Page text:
The next phase of the New York Jets' offseason begins Tuesday -- organized team activities. Or, as we like to call them in the biz, OTAs. Five questions facing the Jets as they start three weeks of practices before the mandatory minicamp:
1. Can Geno Smith hold off Michael Vick? We already know how Vick feels about the subject, as he stated his belief that Smith will be the opening-day quarterback. Vick probably is right, but Smith needs to eliminate any doubts. He can start by building off his promising finish to last season, which means taking control of the offense in OTAs. Smith has impressed teammates with his improved command of the offense, but it's one thing to be that way in a walk-through and quite another to demonstrate it against a live defense.
2. Is Eric Decker worth the money? The Jets, no longer big spenders in free agency, made an exception for Decker, giving him a five-year, $36 million contract. For that kind of loot, they expect him to be more than a nice No. 2 wide receiver. This could be culture shock for Decker, who goes from Peyton Manning to Smith/Vick. Then again, he caught passes from Tim Tebow in 2011, so he should be prepared for anything.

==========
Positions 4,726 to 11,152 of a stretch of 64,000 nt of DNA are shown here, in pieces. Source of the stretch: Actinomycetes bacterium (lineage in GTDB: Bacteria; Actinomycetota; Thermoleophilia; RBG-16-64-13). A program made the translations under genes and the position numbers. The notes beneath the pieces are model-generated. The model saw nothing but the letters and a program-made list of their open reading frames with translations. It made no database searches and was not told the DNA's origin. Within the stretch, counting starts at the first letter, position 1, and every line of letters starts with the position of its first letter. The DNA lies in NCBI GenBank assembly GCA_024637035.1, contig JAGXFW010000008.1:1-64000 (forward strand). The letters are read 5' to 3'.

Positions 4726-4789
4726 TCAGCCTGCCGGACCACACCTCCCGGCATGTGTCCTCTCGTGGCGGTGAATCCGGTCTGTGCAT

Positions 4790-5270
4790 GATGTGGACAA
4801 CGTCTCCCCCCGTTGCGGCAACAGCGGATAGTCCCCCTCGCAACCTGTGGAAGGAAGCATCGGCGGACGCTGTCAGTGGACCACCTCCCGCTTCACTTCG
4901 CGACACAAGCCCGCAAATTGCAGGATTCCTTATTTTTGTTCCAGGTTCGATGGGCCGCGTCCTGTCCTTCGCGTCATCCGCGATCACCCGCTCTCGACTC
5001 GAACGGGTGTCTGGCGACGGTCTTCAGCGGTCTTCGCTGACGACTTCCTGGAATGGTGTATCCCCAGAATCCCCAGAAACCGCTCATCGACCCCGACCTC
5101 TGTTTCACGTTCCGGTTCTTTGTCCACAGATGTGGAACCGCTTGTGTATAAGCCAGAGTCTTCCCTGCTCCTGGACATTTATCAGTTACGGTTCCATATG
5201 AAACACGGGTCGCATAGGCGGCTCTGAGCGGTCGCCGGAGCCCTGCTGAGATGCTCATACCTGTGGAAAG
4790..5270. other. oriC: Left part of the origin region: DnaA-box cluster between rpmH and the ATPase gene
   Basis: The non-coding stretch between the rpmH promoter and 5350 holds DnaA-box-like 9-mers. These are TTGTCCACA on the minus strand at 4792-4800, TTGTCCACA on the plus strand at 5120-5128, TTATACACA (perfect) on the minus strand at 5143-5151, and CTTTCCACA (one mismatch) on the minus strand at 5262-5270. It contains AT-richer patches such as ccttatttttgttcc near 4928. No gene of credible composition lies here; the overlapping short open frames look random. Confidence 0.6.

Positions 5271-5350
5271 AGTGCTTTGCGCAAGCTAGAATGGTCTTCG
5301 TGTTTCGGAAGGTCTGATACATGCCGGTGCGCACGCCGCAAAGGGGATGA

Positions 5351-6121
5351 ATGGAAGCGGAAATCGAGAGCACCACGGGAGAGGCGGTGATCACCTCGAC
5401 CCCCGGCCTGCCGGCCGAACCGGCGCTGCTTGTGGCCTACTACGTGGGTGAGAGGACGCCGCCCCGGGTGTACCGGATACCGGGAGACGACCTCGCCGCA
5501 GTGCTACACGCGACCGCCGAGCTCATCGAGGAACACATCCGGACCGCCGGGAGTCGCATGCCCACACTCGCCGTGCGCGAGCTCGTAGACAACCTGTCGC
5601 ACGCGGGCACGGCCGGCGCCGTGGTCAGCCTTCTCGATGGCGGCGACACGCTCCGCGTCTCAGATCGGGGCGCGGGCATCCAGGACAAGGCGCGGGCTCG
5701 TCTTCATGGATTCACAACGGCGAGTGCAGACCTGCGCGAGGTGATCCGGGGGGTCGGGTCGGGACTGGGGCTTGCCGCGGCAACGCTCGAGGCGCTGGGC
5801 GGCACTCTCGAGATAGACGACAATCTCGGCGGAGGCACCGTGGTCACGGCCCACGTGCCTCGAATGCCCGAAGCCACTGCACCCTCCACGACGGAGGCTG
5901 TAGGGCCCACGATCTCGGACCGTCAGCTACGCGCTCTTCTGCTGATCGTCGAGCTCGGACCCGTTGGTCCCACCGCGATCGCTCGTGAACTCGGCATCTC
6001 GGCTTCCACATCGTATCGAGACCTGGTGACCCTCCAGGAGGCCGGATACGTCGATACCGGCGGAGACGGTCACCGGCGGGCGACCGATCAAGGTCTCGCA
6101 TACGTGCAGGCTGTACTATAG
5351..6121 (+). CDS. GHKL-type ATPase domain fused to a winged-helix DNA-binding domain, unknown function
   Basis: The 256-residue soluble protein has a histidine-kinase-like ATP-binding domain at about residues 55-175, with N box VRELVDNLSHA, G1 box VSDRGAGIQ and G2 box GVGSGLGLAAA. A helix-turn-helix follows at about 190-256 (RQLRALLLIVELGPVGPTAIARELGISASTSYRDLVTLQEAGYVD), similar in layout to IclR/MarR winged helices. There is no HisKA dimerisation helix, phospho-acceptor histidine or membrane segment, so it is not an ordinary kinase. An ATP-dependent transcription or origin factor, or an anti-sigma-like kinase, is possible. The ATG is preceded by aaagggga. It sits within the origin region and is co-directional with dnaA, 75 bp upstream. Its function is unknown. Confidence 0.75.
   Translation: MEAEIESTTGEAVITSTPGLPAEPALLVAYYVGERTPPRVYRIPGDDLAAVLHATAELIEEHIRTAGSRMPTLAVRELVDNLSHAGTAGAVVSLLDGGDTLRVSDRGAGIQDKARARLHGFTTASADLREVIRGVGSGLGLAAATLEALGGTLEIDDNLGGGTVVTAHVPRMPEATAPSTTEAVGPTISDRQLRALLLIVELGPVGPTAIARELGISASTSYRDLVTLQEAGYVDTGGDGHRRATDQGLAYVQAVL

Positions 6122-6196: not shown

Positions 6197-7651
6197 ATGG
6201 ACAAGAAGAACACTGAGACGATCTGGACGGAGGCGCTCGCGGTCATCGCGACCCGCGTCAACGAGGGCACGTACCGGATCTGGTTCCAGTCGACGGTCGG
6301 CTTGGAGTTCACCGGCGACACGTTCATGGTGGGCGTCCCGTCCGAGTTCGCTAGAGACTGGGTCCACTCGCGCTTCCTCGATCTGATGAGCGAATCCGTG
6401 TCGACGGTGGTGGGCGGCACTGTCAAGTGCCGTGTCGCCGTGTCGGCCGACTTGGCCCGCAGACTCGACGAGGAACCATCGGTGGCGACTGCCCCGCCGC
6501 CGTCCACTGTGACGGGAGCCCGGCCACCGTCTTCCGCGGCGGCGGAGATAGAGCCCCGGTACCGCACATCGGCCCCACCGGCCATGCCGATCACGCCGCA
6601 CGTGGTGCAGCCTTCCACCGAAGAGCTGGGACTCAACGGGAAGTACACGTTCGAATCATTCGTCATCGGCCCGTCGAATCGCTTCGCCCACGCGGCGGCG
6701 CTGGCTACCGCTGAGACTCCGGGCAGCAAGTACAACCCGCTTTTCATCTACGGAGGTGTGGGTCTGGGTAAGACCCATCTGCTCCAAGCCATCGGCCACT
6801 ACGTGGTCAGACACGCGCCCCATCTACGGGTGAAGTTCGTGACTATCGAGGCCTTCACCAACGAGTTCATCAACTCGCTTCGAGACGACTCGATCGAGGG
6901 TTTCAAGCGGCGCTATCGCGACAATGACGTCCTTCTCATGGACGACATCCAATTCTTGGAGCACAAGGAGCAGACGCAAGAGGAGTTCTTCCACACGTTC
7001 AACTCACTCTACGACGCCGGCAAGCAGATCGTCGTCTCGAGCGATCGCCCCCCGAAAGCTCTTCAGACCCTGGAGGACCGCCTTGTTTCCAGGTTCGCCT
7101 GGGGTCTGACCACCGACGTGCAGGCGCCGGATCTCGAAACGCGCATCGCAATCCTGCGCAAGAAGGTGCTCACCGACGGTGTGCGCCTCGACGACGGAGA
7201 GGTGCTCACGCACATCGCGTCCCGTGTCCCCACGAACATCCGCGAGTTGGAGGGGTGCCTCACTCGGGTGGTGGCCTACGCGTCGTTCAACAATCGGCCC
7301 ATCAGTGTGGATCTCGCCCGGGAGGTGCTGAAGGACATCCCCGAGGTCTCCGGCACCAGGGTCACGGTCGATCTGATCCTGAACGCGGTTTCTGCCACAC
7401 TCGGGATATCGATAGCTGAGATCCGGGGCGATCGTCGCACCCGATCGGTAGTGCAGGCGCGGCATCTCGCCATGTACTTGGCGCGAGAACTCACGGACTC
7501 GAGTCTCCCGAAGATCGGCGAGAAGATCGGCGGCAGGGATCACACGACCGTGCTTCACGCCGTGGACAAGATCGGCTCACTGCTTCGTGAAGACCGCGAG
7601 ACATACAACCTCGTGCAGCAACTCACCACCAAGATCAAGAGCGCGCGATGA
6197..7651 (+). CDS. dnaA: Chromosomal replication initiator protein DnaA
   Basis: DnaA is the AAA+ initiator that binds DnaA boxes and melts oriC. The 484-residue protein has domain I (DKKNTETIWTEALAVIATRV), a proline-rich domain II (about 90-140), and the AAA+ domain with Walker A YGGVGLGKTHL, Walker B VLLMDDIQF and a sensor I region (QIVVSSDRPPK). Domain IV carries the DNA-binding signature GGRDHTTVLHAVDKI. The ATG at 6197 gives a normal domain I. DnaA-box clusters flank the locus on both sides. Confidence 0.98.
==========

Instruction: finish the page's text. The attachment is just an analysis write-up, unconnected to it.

3. Can Jace Amaro find an immediate niche? The Jets didn't use a lot of two-tight-end packages last season, but that could change with Amaro joining incumbent Jeff Cumberland at the position. The second-round pick is a big dude (6-foot-5, 265 pounds) with the ability to basically line up as a wide receiver. It will be interesting to see how coordinator Marty Mornhinweg incorporates Amaro into the passing attack.
4. Is Calvin Pryor as good as Rex Ryan thinks? Ryan always gushes about his rookies, but he's positively smitten with his first-round pick. He already has compared Pryor to one of the most notorious safeties in history, the hard-hitting Jack Tatum. It will be interesting to see how Ryan juggles Pryor, Dawan Landry and Antonio Allen in the safety rotation -- if there is a rotation. We're talking about three players with similar skill sets -- i.e. strong safety-types.
5. Is it Milliner time? Taking Smith out of the equation, the most improved player on the team has to be cornerback Dee Milliner. If not, the defense will have problems because it's counting on him as the No. 1 cornerback. Milliner has to be the rock in the post-Cromartie/post-Revis era. Last year's top pick, who missed the 2013 off-season because of a shoulder injury, saved a poor rookie year with a strong finish. Now he needs to build on that. Just being on the field, as opposed to rehabbing an injury, will help immensely.